Taking Word to Worldwide Web
John Wesley, founder of the Methodism and its many affiliated denominations, claimed, “The world is my parish.” With billions of Internet users, today we can say, “The Worldwide Web is my parish.” Here are my notes from my seminar on taking the Word to the Worldwide Web.
Several issues make the Internet one of the best ways to spread the gospel:
The speed in which new information can be uploaded to the Internet, makes this media nearly “real time.” When national and international news breaks, Christian writers can post opinions and helpful articles in a matter of minutes.
• Death of well-known person
• Sporting events
• Terrorist attack
• End of world
There are literally billions of Internet users around the world. The numbers are growing too fast to keep this page current. Here are the latest numbers.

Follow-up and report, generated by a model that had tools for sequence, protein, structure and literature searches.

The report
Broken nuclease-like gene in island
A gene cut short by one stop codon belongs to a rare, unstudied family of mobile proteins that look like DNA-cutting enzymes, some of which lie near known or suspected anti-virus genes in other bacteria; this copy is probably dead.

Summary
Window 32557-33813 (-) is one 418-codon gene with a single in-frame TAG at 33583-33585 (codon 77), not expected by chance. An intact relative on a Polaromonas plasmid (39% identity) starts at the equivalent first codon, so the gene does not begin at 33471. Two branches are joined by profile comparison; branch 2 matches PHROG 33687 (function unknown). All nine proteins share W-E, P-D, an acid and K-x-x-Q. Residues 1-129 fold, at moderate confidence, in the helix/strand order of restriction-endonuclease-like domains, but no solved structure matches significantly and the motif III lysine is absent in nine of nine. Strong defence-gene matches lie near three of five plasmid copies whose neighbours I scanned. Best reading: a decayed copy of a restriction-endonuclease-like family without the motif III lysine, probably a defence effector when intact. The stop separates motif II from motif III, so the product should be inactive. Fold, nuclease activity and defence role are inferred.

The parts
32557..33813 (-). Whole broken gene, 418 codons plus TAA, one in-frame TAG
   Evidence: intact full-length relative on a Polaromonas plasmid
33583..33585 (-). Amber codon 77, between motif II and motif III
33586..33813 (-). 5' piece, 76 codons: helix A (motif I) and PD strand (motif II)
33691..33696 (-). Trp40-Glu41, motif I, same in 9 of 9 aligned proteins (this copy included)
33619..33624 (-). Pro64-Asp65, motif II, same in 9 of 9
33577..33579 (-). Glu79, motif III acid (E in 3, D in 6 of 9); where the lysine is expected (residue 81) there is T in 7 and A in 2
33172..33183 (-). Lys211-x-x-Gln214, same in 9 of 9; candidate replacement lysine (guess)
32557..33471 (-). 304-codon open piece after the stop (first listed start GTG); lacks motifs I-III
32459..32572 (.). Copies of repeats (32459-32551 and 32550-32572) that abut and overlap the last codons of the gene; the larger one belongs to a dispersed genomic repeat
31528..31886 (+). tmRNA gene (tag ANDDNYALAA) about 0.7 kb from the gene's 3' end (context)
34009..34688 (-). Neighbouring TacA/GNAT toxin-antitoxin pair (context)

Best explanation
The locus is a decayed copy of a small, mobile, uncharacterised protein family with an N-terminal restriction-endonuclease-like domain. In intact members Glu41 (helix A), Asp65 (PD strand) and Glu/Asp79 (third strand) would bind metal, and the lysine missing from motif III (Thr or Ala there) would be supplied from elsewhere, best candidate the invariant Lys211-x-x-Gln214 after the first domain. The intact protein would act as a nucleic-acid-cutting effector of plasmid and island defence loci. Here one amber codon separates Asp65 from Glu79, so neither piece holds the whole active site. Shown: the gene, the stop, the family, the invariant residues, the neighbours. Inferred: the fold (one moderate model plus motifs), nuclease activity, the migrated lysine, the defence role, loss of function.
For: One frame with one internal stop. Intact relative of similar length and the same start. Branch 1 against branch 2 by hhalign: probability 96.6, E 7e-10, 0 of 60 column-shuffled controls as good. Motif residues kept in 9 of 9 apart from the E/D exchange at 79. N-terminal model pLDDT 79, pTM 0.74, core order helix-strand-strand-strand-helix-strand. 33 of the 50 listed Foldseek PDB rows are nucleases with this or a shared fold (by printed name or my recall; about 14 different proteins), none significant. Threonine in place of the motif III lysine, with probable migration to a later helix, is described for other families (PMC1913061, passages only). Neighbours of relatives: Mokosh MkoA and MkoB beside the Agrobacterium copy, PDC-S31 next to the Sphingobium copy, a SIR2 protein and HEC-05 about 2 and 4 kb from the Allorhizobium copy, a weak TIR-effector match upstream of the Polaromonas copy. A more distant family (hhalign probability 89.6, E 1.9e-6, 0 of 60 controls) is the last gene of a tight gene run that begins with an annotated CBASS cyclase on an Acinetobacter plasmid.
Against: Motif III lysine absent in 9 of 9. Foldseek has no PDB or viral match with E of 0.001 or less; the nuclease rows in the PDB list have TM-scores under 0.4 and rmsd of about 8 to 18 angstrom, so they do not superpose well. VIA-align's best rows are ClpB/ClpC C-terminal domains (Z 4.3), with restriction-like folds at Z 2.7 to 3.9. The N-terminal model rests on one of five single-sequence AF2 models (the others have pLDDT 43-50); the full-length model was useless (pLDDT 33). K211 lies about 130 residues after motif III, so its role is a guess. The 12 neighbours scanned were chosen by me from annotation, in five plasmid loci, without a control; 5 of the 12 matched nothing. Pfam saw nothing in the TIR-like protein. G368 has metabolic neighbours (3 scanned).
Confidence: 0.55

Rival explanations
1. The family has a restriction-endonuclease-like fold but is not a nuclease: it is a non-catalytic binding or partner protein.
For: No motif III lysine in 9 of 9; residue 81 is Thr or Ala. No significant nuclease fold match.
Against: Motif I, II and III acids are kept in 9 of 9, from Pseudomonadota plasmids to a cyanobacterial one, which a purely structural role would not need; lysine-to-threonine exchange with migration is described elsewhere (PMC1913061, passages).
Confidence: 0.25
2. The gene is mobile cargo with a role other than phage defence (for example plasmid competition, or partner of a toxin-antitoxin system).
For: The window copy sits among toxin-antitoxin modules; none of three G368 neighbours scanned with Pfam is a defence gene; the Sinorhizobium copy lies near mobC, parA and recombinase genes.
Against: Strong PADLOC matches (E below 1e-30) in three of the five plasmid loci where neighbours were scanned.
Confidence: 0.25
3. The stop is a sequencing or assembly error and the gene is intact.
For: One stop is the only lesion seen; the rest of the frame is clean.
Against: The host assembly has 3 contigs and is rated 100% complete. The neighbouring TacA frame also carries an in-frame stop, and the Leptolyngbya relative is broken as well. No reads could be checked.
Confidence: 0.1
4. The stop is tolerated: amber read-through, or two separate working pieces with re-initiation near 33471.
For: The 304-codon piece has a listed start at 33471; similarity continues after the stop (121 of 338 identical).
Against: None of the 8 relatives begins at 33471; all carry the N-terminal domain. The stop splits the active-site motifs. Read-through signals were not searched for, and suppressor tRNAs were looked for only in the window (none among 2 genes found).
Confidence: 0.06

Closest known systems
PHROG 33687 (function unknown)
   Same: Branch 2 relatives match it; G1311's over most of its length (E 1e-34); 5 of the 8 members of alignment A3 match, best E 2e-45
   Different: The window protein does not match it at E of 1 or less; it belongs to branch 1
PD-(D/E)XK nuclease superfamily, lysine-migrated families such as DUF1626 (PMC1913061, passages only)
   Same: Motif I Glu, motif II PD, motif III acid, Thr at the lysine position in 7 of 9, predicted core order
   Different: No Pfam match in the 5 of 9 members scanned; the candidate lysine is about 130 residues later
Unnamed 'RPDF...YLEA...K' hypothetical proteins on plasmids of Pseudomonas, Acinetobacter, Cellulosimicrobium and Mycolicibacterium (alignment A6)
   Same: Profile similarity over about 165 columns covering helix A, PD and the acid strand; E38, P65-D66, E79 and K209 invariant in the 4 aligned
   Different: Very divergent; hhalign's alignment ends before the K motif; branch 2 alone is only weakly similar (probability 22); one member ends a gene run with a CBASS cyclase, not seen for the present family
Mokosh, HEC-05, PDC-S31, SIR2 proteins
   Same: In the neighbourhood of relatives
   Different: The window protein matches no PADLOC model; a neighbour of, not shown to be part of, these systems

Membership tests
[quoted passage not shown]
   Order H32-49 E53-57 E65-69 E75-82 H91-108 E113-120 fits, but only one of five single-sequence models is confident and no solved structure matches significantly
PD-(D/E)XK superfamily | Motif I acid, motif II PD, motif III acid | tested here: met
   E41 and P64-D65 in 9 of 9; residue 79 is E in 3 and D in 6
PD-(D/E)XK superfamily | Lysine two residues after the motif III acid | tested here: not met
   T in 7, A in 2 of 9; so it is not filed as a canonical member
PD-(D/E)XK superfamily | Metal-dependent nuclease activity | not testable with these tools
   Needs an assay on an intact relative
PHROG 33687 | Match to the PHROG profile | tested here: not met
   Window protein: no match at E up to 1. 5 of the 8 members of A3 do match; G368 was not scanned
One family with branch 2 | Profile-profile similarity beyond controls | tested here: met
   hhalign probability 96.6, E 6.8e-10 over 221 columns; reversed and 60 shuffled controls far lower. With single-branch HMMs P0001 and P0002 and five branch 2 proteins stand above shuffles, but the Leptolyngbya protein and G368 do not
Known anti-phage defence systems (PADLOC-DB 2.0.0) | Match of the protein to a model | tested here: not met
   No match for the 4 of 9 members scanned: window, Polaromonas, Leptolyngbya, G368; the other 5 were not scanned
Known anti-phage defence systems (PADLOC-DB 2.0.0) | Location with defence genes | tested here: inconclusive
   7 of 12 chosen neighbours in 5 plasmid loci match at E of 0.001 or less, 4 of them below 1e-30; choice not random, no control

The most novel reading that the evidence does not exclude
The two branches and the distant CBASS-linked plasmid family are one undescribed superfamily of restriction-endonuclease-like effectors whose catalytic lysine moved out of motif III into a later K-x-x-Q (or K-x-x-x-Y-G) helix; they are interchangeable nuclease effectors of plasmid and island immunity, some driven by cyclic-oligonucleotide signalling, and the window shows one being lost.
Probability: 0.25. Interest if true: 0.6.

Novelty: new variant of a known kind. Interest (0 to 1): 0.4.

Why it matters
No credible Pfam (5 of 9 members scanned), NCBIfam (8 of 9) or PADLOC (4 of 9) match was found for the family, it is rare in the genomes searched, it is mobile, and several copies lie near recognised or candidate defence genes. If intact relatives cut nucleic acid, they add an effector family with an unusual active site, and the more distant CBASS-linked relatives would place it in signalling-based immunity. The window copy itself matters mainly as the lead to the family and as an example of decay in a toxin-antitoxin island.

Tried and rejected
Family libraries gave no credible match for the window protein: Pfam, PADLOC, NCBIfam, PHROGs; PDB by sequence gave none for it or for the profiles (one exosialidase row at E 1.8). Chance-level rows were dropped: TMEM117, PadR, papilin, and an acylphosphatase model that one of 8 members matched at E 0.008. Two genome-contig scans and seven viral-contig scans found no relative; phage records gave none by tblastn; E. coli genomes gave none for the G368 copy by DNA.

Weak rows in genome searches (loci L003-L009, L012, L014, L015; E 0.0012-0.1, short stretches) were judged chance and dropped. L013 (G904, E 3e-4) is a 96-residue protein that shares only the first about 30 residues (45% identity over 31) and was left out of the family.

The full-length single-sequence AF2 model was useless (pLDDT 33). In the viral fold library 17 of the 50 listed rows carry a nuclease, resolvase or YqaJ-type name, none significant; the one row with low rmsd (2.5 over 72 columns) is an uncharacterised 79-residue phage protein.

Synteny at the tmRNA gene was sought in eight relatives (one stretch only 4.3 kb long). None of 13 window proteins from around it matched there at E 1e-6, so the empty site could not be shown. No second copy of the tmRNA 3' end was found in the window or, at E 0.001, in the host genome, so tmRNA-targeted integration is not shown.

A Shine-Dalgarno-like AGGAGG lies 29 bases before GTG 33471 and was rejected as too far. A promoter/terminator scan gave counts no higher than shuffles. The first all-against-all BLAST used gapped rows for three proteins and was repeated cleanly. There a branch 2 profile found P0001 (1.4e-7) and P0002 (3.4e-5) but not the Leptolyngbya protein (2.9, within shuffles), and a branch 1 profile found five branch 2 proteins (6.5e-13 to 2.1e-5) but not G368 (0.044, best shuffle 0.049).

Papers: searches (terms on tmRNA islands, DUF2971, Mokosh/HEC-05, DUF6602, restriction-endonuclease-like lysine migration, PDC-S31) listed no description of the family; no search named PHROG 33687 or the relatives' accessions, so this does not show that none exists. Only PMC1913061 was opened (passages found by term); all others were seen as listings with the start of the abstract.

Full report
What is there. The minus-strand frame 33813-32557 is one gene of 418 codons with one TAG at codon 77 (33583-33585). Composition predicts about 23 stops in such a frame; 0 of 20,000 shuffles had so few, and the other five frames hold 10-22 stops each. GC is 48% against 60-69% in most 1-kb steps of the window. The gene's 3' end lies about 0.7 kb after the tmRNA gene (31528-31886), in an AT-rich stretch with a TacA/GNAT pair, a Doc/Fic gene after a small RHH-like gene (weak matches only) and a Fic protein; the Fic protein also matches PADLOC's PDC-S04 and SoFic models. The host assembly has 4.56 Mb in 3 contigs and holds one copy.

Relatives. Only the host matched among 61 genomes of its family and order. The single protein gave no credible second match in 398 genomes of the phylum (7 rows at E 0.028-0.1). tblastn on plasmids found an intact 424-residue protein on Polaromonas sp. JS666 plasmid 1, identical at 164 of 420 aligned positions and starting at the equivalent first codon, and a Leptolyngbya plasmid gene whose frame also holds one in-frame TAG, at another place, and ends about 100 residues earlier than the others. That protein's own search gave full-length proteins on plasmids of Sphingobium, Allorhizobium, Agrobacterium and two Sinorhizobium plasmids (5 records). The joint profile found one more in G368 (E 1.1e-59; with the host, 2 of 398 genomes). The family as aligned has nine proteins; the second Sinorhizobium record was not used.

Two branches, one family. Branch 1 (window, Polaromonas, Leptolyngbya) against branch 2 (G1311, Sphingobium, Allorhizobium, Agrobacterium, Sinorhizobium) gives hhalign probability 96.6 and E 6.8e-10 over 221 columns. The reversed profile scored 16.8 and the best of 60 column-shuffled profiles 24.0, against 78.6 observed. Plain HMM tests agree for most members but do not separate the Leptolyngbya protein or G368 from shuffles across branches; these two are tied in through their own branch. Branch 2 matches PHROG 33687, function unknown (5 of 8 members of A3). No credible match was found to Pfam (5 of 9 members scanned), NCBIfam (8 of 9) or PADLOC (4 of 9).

Here are two of my favorite emails in response to online ministry:
I wrote you I guess because I questioned the way I interpreted love. I feel I’ve been a loving person all my life until recently. Today, when I look up “love” on the Internet and found your website, it did something to me. In all honesty, when I saw it I said, “Oh, this is just some Bible thing; people trying to get you to believe in God.” I didn’t want to look at it, not because I wasn’t interested, but because I am bitter. I started reading it with this attitude of sarcasm. The funny thing was, though, that for some reason I kept reading it through to the end. Even if I had thoughts of clicking out of that screen, my hand was frozen to the mouse, like God sitting me at a table saying, “Here’s your lesson, now learn it!” I was very strange. Do you think God is trying to tell me something? Margo